When Petra Cooper set out to create a website for Fifth Town Artisan Cheese Company, she wanted to do more than just promote her company’s unique cheeses.
“I wanted to start a conversation and engage with people about broader food-based issues,” says Cooper, who opened her business near Picton, Ontario, two years ago. “I decided to use my website as a platform to change the way that people think about cheese.”
By offering value-added online content and employing a variety of web applications, she’s succeeding in her goal. Today, she generates 50 to 60% of her retail traffic through her website and social media applications.
Cooper emails a weekly newsletter to wholesalers and a quarterly one to retail consumers who have visited the store and signed up for the newsletter. She also maintains a presence on a number of social media sites, including Facebook and LinkedIn, and has tried her hand at blogging. As well, people can download videos from her website.
Jeff Berry, Senior Vice President at the Enterprise Council on Small Business, has studied entrepreneurs’ use of the internet and says Cooper is making the right moves.
“Offering advice and other valuable information to customers is an important way for entrepreneurs to attract and keep business at a time when consumers are savvier than ever about tuning out pure marketing and advertising messages,” says Berry, whose organization researches small-business marketing trends.
Cooper and Berry shared some of their insights into value-added web marketing techniques with eProfit$.
Berry points out e-newsletters are effective when they are “tailored to the specific needs of customers.” He adds, though, that “a big mistake many entrepreneurs make is to produce an e-newsletter, post the articles on their website and leave them there too long.”
They often do so because newsletters can be time consuming to produce. Cooper overcomes this problem by “leveraging other people’s content.” She uses information that is in the public domain, such as articles about cheese-making and agrifood issues.
She recommends keeping an archive of material that can be used to quickly produce an e-newsletter issue or to update content on a website.
“You don’t need to create expensive, slick videos,” Berry says. “Videos shot on site with a Handycam can be posted on YouTube, for example. They are an easy way to give a face to your business, gain credibility and provide your customers with information on demand.”
Customer testimonials shot on video, for example, are a powerful means of building credibility for your business and generating sales.
“Early on, I started a blog,” says Cooper, “but it wasn’t getting much attention. I learned that people are much more receptive to information about your business if it comes from a third party.”
She decided to provide downloadable content – such as videos, photos and articles – in a “cool downloads” section of her site that is targeted at bloggers.
“This helps them to make their blogs more interesting with minimal effort and brings our company to the attention of their readers.”
To find out who is blogging about Fifth Town and what they are saying, Cooper periodically checks www.socialmention.com, a search engine for blogs.
Podcasts – audio files that you record for people to download – are another means of drawing attention to your business and building your credibility.
Producing a podcast can be relatively easy and inexpensive. All you need to get started is a computer combined with free audio recording and editing software, which you can find on the internet.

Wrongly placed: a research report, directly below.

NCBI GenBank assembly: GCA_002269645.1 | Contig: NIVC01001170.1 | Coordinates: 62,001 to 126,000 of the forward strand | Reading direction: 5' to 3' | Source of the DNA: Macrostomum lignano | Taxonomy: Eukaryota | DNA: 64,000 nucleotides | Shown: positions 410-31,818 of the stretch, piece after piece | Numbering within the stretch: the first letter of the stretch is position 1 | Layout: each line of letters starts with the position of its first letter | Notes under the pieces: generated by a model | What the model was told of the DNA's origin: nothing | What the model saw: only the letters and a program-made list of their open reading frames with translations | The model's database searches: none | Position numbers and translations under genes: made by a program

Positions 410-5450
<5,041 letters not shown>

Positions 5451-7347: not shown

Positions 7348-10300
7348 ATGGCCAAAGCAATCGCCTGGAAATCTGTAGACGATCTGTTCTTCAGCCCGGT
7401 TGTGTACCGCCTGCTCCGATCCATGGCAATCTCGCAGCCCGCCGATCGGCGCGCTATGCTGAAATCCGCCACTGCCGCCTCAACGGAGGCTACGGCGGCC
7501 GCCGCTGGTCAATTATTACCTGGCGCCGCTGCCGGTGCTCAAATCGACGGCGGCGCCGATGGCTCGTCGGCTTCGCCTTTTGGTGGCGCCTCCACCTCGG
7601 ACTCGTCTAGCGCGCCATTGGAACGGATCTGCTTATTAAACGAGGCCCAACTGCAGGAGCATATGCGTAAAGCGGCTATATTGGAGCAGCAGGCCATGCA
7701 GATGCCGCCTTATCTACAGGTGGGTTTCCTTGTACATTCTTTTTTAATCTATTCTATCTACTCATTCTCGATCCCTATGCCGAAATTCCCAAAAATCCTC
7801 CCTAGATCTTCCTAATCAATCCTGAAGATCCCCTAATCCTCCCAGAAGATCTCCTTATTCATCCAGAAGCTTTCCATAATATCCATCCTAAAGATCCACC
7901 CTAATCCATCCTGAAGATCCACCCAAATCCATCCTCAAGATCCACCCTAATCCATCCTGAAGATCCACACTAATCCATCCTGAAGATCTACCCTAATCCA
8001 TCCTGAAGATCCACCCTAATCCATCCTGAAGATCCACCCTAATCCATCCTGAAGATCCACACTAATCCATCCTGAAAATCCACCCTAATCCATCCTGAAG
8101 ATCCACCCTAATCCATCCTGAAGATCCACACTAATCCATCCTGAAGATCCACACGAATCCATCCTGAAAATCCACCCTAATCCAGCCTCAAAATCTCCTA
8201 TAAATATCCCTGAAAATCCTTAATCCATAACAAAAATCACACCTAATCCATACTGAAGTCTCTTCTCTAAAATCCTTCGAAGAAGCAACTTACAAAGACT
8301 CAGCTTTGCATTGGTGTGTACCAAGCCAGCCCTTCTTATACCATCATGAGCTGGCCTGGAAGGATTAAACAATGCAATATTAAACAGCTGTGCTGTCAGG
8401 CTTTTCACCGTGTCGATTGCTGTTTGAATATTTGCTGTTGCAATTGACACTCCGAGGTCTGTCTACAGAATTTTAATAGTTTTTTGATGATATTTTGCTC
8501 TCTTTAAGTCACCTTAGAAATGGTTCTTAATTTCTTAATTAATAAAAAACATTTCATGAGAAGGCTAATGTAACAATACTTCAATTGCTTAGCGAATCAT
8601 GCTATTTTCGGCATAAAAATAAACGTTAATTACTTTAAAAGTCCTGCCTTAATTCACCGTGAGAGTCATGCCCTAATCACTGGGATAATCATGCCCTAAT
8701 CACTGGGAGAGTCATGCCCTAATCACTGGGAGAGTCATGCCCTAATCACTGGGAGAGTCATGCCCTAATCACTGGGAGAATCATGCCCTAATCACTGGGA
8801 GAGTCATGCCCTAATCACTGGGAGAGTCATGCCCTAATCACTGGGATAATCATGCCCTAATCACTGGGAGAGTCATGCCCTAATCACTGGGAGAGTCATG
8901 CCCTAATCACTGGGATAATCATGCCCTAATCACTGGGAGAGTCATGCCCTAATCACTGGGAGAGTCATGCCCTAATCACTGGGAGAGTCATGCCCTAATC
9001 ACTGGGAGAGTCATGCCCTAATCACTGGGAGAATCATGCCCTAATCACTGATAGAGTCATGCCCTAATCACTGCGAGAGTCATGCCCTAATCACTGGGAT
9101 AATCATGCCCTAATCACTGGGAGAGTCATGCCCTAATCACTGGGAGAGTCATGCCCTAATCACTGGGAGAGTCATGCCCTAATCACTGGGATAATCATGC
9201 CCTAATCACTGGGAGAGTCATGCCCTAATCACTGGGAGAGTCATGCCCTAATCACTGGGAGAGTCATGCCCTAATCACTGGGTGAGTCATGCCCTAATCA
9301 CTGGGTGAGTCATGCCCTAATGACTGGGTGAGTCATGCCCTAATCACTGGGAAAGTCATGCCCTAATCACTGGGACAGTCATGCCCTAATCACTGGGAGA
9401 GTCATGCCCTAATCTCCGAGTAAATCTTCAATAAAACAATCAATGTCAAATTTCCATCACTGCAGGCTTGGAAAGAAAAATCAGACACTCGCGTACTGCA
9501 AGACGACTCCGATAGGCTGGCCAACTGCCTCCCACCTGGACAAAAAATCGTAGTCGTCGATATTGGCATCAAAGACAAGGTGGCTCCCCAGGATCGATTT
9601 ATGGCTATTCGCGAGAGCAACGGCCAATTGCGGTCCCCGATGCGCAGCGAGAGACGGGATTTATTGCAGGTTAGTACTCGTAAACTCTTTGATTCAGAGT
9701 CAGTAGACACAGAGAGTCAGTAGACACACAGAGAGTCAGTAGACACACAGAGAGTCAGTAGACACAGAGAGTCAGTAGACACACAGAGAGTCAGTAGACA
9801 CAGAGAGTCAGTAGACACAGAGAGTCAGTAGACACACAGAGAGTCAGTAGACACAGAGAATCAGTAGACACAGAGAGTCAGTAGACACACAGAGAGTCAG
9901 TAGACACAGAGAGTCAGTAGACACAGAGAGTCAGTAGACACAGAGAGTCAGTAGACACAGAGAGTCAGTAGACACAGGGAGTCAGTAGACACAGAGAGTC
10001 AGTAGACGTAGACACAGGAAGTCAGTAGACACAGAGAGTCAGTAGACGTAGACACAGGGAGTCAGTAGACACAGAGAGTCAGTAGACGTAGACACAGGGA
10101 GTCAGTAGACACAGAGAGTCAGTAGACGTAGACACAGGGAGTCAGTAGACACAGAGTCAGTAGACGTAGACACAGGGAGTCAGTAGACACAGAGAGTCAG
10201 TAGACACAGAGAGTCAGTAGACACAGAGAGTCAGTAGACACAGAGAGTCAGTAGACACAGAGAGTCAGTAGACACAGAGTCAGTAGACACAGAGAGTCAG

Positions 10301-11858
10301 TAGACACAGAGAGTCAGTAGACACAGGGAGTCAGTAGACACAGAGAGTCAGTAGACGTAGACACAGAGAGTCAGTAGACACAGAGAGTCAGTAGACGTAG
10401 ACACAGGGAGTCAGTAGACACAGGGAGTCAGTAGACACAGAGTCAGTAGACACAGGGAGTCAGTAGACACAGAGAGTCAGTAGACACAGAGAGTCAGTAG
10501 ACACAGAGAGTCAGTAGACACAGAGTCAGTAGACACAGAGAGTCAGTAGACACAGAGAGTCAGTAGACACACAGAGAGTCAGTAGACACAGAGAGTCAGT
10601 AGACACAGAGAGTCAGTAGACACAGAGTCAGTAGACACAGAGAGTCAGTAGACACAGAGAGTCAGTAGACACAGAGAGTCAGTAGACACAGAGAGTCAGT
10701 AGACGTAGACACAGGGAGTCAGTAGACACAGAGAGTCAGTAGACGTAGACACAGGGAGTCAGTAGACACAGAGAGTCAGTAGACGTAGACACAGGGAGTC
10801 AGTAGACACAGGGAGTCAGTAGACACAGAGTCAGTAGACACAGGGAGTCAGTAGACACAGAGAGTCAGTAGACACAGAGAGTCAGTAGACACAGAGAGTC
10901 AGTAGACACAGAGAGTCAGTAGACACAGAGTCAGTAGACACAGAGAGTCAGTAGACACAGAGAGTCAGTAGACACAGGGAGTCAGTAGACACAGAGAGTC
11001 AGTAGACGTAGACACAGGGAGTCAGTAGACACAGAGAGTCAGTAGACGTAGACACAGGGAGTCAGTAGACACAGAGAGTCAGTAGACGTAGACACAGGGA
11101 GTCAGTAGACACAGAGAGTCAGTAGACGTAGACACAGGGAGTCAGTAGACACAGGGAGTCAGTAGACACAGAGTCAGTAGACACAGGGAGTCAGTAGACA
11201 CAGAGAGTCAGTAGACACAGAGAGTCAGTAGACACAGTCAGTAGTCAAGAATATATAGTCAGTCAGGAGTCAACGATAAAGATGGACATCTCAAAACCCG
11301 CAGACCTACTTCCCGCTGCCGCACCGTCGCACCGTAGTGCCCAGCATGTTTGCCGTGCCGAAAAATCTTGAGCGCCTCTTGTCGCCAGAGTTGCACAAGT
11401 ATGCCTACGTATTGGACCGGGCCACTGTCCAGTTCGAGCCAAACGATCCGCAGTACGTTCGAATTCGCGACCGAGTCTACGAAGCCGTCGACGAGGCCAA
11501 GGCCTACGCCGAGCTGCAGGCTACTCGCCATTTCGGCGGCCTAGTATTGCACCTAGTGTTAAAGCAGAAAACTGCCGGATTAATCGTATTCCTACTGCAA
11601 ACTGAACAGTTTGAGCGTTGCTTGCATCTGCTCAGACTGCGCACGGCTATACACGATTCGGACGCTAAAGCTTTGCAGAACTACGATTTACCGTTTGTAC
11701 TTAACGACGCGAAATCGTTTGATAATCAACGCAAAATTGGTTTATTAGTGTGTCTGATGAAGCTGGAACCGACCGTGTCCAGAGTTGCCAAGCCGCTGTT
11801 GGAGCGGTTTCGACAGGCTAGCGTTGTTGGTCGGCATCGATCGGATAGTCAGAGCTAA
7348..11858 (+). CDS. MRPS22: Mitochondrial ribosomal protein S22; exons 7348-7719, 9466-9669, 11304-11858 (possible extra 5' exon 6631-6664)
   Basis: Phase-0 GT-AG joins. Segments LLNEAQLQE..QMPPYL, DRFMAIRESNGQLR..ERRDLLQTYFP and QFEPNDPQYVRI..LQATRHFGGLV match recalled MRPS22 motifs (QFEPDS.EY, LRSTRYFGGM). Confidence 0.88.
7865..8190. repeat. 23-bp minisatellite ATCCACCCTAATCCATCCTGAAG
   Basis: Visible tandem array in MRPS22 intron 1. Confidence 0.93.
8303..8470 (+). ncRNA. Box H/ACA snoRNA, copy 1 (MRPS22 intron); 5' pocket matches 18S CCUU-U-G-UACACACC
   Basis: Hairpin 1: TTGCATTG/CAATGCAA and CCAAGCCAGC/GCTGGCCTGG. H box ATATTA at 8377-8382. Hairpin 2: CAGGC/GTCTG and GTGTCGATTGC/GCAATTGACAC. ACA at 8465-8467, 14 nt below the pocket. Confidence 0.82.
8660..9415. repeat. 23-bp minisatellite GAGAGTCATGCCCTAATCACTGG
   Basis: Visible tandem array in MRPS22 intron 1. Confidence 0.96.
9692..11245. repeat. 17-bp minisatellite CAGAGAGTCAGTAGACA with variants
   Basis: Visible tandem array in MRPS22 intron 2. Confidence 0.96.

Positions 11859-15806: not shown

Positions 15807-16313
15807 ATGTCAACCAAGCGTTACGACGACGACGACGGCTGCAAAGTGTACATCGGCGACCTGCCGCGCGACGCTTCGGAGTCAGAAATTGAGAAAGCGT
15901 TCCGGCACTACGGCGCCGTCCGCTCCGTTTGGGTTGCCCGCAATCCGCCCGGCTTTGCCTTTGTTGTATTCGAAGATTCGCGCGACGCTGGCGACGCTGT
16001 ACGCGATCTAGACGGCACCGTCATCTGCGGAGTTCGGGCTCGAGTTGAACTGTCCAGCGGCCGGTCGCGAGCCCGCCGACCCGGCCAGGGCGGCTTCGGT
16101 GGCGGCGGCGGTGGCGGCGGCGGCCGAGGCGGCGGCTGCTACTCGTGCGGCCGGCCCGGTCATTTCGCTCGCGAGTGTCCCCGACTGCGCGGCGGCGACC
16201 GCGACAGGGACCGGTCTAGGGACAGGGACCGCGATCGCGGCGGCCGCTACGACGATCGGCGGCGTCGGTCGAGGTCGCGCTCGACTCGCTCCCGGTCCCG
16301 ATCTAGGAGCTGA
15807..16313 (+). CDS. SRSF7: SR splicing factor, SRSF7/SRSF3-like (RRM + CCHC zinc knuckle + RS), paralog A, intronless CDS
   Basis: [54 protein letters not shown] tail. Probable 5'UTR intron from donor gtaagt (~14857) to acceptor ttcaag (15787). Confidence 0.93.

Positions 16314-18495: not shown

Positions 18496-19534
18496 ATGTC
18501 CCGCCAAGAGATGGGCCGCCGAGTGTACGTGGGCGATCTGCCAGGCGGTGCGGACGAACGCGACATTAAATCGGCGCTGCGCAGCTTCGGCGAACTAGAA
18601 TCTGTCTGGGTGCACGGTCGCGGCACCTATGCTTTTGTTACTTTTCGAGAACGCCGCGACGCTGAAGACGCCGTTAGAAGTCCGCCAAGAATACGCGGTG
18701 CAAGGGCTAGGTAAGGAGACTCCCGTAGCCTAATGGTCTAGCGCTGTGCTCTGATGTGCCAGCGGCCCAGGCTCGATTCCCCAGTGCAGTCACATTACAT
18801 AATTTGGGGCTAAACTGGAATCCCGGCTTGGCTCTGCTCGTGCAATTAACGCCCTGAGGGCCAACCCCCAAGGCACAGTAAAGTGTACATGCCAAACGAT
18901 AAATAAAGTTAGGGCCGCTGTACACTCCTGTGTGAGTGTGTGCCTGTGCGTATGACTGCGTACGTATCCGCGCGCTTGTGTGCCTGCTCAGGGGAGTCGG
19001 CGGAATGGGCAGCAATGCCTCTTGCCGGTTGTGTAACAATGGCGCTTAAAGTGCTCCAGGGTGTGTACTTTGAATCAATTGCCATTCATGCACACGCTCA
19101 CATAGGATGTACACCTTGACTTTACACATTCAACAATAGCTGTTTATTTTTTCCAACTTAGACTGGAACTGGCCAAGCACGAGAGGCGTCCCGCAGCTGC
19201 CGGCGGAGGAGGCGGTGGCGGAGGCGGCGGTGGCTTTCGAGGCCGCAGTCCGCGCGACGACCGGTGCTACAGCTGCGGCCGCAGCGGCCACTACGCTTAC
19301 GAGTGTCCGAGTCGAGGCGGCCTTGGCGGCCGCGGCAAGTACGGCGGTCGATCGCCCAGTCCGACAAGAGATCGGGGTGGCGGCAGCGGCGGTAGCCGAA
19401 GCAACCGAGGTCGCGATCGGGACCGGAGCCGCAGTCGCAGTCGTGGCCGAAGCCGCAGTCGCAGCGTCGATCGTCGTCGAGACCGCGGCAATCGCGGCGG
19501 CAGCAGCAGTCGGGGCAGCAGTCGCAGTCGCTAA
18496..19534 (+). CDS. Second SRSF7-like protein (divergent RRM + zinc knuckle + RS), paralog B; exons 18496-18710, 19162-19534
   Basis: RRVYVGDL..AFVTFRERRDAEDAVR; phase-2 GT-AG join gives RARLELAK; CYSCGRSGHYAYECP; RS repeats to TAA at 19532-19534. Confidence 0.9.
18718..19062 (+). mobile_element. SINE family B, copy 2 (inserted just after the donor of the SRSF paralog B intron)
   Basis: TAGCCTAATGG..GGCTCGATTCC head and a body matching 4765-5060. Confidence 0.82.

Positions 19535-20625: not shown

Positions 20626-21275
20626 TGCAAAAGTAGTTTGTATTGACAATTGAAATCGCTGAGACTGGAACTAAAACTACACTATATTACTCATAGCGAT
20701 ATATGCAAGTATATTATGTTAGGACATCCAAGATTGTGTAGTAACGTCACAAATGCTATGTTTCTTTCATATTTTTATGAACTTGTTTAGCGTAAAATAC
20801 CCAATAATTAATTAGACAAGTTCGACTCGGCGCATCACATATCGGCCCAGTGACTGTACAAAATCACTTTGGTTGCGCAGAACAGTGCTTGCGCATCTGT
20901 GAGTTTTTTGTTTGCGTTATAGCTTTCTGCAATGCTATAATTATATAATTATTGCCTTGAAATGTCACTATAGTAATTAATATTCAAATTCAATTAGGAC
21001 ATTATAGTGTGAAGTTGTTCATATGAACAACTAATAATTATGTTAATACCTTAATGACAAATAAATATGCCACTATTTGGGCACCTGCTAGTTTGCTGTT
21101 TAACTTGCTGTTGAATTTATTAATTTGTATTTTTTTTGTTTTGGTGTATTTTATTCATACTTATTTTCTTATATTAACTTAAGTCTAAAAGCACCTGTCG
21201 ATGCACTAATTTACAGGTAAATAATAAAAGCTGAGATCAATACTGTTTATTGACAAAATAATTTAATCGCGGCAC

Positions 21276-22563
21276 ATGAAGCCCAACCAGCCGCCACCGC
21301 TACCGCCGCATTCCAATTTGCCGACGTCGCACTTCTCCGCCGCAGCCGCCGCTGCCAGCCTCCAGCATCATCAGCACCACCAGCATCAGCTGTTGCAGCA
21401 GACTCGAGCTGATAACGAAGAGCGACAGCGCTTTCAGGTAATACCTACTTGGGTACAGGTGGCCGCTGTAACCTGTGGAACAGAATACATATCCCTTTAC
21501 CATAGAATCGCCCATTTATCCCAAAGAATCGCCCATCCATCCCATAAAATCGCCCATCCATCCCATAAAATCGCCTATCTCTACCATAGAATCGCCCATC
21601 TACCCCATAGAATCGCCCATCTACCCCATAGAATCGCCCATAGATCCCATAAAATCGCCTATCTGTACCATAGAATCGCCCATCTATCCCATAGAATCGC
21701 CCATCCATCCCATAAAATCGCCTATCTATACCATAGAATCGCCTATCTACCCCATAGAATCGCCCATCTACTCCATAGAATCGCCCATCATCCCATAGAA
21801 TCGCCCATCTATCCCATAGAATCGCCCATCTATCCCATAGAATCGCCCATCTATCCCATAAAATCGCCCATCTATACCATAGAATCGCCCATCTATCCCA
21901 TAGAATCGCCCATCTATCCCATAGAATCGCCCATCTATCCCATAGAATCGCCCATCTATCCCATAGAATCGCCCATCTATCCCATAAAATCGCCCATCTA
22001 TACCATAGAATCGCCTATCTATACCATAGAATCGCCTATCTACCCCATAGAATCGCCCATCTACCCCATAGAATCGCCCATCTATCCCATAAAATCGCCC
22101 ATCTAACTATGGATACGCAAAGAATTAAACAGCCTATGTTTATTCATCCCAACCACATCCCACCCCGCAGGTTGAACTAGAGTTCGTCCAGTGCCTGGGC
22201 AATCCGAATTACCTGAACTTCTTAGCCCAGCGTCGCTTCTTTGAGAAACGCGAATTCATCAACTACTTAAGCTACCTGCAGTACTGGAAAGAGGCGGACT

In addition to promoting your podcast on your website, you can reach a larger potential audience by submitting it to podcast directories.
Hosting a webinar – a seminar over the web – can be an effective means of showcasing your expertise and building awareness of your business. The fact that attendees don’t have to leave their desks makes it less costly and inconvenient than attending a conference, both for them and for you.
Webinars range from straightforward visual presentations with diagrams to more elaborate sessions that include everything from 3D graphics and streaming videos to personal interaction through question and answer sessions and polling.
No matter what format or technology you use, one of the keys to a successful webinar is professional delivery of your content. Practicing beforehand and making sure you have command of your material and technology go a long way toward building credibility.
“A web presence is not enough today,” Berry notes. “Entrepreneurs need to supplement their website with participation on social media sites.”
Cooper adds, “Too many entrepreneurs make the mistake of thinking that sites like Facebook and Twitter are for kids.”
“When you join social media sites, you become part of a bigger community. You connect with like-minded people and build a strong rapport with them,” she says.
For example, Cooper communicates with a community of some 200 people on Facebook.
“I provide ‘insider’ information, such as advance news about when a new cheese is coming out.”
Both Berry and Cooper encourage entrepreneurs to seek feedback from visitors to their website as a way to both improve the user experience and build credibility with the public.
Cooper stresses that the only way to truly understand value-added online marketing is by becoming a user yourself. Join Facebook, read blogs and e-newsletters, and watch online video content and podcasts, then assess how best to use applications like these for your own products and information.
“As an entrepreneur, you have to take advantage of value-added web applications,” says Cooper. “That’s the way marketing is being done today.”
BDC is Canada’s business development bank. From more than 100 business centres across the country, BDC promotes entrepreneurship by providing highly tailored financing, venture capital and consulting services to entrepreneurs. Visit http://www.bdc.ca/ for more information.